Mr. Perepada does not represent the oligarchs who grab headlines with their nine-figure purchases. His clients are not quite billionaires, he says, just "regular millionaires." He knows what they like: high ceilings, at least 3,000 square feet, full service, great views and, most of all, ease of transaction. Their reverence for Central Park has attracted them to One57, the new tower on West 57th Street, though no keys have yet changed hands. But he has also broadened their interest to buildings like 75 Wall Street and 60 Riverside Boulevard.

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His iPhone is loaded with images of panoramic penthouse vistas, gracious interiors and Google Map street shots. By 4:30 a.m., he and the phone are typically in high gear, as he uses Skype and Wassup and FaceTime back and forth across time zones, in Ukrainian, Russian, Uzbek, Kazakh or even "a bissel Yiddish."

When he immigrated from Ukraine in 1990, Mr. Perepada took whatever job he could get. He worked at a flea market; he made deliveries; he drove a taxi. Along the way, he helped much of his family immigrate and settle in Sheepshead Bay, where he still lives. Ten years ago, he made his way into real estate, selling ordinary apartments. He liked the work but not the size of the commissions, so he set his sights higher.

He found the ultrarich to be surprisingly pleasant company. "How they say in English, communicate?" he asked. "I know psychology. I love philosophy. I can talk to them about anything."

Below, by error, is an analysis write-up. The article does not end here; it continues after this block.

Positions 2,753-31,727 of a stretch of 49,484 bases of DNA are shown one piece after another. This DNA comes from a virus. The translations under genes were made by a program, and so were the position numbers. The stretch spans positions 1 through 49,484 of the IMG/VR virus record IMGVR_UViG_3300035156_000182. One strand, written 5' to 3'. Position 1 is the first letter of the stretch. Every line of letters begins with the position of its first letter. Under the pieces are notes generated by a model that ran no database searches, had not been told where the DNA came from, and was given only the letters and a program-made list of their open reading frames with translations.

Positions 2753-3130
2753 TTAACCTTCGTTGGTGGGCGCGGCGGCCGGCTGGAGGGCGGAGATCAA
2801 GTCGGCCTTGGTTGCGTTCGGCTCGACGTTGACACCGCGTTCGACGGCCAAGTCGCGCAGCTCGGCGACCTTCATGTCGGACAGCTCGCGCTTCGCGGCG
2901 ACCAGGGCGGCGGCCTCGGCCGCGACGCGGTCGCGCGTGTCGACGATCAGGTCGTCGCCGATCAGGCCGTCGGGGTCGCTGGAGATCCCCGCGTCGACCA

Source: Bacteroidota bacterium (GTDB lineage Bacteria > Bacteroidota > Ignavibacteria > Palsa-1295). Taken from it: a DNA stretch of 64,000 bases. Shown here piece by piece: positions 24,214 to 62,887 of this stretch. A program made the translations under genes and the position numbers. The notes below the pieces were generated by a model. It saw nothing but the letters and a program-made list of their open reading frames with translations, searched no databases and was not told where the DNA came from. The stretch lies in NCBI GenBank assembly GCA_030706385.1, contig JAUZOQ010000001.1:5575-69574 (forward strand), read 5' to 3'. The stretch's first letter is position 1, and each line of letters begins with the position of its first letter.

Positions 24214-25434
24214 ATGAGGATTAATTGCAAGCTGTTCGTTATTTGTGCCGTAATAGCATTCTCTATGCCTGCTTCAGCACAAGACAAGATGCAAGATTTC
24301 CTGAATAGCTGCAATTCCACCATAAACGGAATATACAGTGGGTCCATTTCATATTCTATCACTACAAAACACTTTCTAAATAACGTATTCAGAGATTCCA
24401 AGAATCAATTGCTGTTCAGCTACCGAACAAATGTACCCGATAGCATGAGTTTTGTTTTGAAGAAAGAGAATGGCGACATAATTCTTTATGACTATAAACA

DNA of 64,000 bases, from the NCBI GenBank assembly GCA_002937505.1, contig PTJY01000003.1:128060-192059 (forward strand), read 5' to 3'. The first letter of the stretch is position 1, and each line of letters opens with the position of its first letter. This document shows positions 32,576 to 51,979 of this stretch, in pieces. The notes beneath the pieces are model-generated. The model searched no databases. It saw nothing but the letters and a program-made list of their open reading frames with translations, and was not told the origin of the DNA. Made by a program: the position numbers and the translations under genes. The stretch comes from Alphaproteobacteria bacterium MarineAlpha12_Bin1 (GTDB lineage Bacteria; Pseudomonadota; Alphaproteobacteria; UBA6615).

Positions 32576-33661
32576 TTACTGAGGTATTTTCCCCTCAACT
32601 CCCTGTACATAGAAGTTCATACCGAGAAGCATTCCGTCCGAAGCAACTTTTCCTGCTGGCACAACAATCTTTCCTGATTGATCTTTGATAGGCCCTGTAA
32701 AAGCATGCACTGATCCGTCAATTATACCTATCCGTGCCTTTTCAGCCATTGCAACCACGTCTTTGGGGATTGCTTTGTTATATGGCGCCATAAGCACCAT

He makes himself useful by overseeing not only their real estate purchases, but also all of the secondary needs that such purchases generate, like further construction, decorating, furniture and even clothes to hang in the closets. In the process, he becomes an expert in his clients' taste. What is their favorite type of bed linen? Their preferred silverware? Do they want Venetian stucco on the wall? No, wait, paint instead? O.K., now change it to wallpaper? No problem.

When they visit, he tries to anticipate their desires—not just making them a reservation at their favorite restaurant, but also remembering that they prefer the four-top by the window. He says the smell inside helicopter cabins can be "depressing." So he goes to the heliport and sprays air freshener before they arrive. "My wife sometimes tells me, 'Can you treat me one day like you treat your clients?'" he said.

He collects a commission on apartment sales, split with the seller's broker. As for the deluxe concierge services that go along with them, he declines to say how, or whether, he charges. Discussing financial transactions between friends is uncouth.

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Mr. Perapada takes his job very seriously. But once in a while, as he rattles off the kinds of details he attends to for his clients' satisfaction, he cracks himself up. "It's a joke!" he says, his eyes wide. A moment later he is back to dead earnest.

"This is absolutely—I tell you, absolutely normal people," he said. "Someone tells you different, they're lying."

—By Ariel Kaminer for The New York Times